Journey to the Perfect Pressure Cooker Poached Egg
Okay, it's egg time. Well, it's always egg time around here since The Kid eats them almost every morning for breakfast, let's be honest. I love a good poached egg but what I don't love is a watery egg with wiggly whites sitting in a watery bowl. Blech.
I have had great success with sous vide using my Anova to make onsen tomago , or eggs poached in the shell and when I am making ramen or bibimbap, this is my go to method but it's a bit fussy for 7:30am on a Tuesday morning before I have had my coffee, so that is where my Instant Pot comes in.
The first time I tried them, they were perfect. I put them in a little steel mixing bowl, set it on the trivet with a cup of water and cooked them for 2 minutes at low pressure on steam and did a quick release. Lovely.
This week, I picked up some silicone egg baskets and thought that these would be my new egg poaching dishes, cracked a couple of eggs into baskets and followed the formula that has been working for me so far.
After 2 minutes on low pressure, they were barely cooked. I forced the lid back on, cooked them for another 2 minutes on low pressure and they still looked undercooked so I let them sit for 1 minute on warm. Nope. Jammed the lid back on and steamed them for one last minute. Now they were over cooked. The yolks were not runny but at least they were still creamy - not terrible but not how I like them.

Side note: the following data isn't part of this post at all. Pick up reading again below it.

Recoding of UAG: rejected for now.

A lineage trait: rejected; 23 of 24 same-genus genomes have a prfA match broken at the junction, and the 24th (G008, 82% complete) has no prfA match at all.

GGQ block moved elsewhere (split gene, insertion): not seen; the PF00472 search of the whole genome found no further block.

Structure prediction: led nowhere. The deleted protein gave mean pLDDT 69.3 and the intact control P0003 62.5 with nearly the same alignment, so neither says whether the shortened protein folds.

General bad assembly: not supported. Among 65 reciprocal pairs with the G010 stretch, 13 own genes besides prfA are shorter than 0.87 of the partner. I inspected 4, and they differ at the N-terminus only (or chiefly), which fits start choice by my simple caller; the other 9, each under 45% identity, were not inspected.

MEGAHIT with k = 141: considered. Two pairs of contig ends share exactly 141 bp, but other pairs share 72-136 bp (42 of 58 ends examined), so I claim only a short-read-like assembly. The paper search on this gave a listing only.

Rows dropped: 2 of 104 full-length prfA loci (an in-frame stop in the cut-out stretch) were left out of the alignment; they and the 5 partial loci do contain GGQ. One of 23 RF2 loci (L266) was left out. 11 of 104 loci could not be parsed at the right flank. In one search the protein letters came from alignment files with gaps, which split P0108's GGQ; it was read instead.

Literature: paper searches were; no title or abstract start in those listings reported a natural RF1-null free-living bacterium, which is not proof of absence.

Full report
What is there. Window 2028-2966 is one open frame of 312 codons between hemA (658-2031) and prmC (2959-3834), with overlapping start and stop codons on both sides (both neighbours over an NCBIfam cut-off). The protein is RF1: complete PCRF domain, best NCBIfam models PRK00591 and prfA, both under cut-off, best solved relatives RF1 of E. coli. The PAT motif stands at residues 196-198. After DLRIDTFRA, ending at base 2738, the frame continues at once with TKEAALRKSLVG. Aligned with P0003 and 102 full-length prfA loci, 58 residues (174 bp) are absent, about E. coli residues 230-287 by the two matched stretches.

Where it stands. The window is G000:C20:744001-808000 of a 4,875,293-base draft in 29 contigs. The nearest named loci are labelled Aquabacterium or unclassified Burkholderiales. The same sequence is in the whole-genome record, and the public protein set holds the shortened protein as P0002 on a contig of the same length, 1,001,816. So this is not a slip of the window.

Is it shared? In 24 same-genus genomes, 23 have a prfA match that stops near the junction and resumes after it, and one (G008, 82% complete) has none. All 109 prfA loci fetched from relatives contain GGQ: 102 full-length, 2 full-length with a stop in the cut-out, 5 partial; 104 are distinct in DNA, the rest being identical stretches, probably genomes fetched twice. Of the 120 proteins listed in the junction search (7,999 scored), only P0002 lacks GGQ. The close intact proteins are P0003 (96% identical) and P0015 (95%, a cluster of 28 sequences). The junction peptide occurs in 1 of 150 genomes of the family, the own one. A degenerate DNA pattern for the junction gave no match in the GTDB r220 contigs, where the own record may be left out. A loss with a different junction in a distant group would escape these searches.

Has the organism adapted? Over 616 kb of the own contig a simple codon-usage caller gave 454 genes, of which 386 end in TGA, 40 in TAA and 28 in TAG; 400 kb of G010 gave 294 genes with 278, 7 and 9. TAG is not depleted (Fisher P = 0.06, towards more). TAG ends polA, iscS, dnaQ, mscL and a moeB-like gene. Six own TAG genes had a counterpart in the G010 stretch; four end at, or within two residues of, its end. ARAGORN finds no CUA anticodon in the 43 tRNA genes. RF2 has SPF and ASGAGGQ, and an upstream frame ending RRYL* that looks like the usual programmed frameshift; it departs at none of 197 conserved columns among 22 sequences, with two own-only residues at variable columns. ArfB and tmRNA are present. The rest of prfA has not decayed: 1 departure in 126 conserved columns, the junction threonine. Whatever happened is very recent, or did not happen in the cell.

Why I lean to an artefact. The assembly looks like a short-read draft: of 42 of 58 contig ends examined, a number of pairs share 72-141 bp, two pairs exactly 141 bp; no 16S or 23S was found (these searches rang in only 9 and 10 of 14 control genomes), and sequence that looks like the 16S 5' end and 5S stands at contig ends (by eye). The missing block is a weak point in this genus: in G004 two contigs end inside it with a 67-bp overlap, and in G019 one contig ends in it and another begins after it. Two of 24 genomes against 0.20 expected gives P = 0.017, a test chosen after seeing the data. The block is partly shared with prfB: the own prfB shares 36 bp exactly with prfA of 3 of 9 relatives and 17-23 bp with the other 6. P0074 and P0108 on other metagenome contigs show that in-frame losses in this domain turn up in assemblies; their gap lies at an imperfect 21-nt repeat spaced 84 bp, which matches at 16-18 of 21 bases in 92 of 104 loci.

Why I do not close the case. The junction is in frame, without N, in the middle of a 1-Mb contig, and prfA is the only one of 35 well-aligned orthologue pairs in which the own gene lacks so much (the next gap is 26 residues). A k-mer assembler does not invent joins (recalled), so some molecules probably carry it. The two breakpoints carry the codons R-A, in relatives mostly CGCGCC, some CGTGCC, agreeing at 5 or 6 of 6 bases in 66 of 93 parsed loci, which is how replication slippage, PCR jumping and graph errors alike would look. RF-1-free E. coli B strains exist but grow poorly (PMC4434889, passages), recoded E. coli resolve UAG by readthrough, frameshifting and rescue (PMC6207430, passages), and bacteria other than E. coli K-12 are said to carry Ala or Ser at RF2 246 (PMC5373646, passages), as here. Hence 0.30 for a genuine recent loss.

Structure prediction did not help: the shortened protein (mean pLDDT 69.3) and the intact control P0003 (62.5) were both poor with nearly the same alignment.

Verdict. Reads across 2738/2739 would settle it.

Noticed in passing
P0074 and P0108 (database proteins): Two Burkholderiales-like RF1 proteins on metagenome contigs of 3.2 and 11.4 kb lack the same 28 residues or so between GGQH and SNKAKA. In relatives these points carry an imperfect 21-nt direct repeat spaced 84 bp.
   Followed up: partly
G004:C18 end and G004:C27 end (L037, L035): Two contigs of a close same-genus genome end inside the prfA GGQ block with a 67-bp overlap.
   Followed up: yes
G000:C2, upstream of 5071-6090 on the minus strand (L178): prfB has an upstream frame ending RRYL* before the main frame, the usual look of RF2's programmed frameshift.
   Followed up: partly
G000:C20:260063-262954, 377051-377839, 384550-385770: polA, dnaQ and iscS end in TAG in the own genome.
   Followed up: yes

Could it be cooking in steel, which also heats up in the pressure cooker VS silicone which does not?
Tried it again immediately using my handy, dandy steel bowl and Eureka! Perfect eggs again in 2 minutes at low pressure with a quick release.
The moral of the story is:
When cooking things PIP (pot in pot), steaming etc where the food will be in another vessel placed inside the pot, you will have to take the material of that vessel into consideration.
So, the final formulas are:
5 minutes on low pressure with quick release on steam
2 minutes on low pressure with quick release.